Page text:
The employer then has to determine what actions are predictive of safe work habits. Instead of driving a safety program by injury and illness data or the even less reliable EMR, determine which policies, procedures and attitudes result in safe work practices. Most construction employers find that leading indicators include:
- documented, consistent site- and job-specific training;
- supervisory involvement in safety efforts;
- employee engagement in activities such as job safety analysis and safety inspections; and
- maintaining effective discipline for unsafe work practices.
Enterprise Actions To Further Reduce Risks
Employers often fail to consistently involve their safety professionals in planning and bidding a job, as well as ensuring that an adequate number of safety professionals are budgeted.
Ensure an effective site safety plan is designed in coordination with the work sequence. This document should not be a boilerplate form, but it should serve as the overview of how to keep that job safe. The contractor should develop specific tasks and job safety analyses. These brief analyses of the hazards and ways to prevent harm should be the basis of toolbox safety meetings.
While many contractors do a superb job in starting the project, little thought is put into the wind down and punch list stage, when many injuries occur. Similarly, the contractor should consider the non-routine challenges posed by the site, weather, quality of the local workforce and the uniqueness of the architect and structural engineer’s designs. Many fall protection issues arise because of non-routine settings. Experienced employees have a tendency to do things the way they have always done them.
Contractor management must move beyond focusing on avoiding “controlling employer” OSHA citations and emphasize how to prevent issues.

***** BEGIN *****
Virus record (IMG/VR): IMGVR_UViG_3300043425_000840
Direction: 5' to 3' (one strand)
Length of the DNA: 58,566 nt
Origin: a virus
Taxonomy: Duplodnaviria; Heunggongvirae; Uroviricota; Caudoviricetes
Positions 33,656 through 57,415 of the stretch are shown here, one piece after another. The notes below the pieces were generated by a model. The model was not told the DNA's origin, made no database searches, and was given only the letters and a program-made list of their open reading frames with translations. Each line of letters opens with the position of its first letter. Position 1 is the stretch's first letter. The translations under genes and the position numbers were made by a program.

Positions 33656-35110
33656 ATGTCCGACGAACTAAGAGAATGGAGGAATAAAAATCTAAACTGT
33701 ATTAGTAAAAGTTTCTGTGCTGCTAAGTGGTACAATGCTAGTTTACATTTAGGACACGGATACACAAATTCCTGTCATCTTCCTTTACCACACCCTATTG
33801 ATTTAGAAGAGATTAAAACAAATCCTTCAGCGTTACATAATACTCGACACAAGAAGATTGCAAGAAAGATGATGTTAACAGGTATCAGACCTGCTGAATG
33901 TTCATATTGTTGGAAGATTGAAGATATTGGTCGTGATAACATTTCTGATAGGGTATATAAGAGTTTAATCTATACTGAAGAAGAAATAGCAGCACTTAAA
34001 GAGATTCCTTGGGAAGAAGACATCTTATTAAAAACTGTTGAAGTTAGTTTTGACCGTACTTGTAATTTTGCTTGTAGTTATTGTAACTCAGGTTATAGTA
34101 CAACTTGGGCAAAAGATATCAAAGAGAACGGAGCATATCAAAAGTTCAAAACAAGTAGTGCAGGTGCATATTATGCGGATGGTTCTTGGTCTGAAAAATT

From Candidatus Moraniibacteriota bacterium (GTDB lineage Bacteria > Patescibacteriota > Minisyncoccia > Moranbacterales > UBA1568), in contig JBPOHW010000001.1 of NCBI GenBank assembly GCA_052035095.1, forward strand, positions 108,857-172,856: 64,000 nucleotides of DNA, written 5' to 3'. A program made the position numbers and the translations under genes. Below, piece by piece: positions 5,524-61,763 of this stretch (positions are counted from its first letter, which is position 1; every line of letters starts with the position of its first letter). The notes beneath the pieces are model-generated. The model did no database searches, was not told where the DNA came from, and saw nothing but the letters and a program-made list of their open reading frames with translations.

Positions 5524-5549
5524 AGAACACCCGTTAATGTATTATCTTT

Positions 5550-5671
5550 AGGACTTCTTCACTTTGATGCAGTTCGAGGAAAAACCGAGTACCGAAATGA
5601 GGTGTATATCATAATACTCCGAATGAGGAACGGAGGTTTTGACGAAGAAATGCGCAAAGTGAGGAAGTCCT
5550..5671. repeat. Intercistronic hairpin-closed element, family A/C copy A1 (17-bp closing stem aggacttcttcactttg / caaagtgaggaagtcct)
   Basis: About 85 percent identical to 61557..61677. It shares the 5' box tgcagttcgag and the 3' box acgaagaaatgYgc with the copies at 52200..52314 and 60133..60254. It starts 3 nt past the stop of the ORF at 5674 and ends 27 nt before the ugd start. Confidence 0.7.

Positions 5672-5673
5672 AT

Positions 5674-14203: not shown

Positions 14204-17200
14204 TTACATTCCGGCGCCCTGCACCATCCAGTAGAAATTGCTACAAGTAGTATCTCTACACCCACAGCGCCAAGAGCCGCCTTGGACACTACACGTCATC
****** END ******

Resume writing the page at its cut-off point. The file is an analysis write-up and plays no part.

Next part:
Jobs where isolated employees or crews are working without immediate supervision present other challenges. Experienced journeymen may cut corners and injure themselves by electrocution or falls when they supervise themselves. Contractors must repeatedly remind employees working alone that they must continually conduct their own basic job safety analysis, which can be summed up by “always stop and consider the hazards, then consider how to avoid them.”
Real Causes Of Unsafe Behavior
Contractors must expand their concept of root cause analysis of unsafe behavior, accidents and workplace injuries. There is a clear correlation between fatigue or low blood sugar and employees exercising poor judgment. Similarly, while employers have focused on distracted driving, they often don’t consider the numerous distractions present on a fixed site. Technology can cause distractions, but other factors may affect an employee’s judgment and reflexes, such as reporting to work after an all-night argument with a spouse. Depression can contribute to performance issues and related workplace injuries.
Contractors also must consider the problems posed by increasingly unhealthy new workers and an aging skilled workforce. This concern has contributed to employers’ renewed interest in devising effective fitness for duty programs. Any fitness for duty program must be carefully devised and must not permit supervisors to make knee-jerk decisions about whether a new or returning employee can perform the essential functions of the job with or without reasonable accommodation.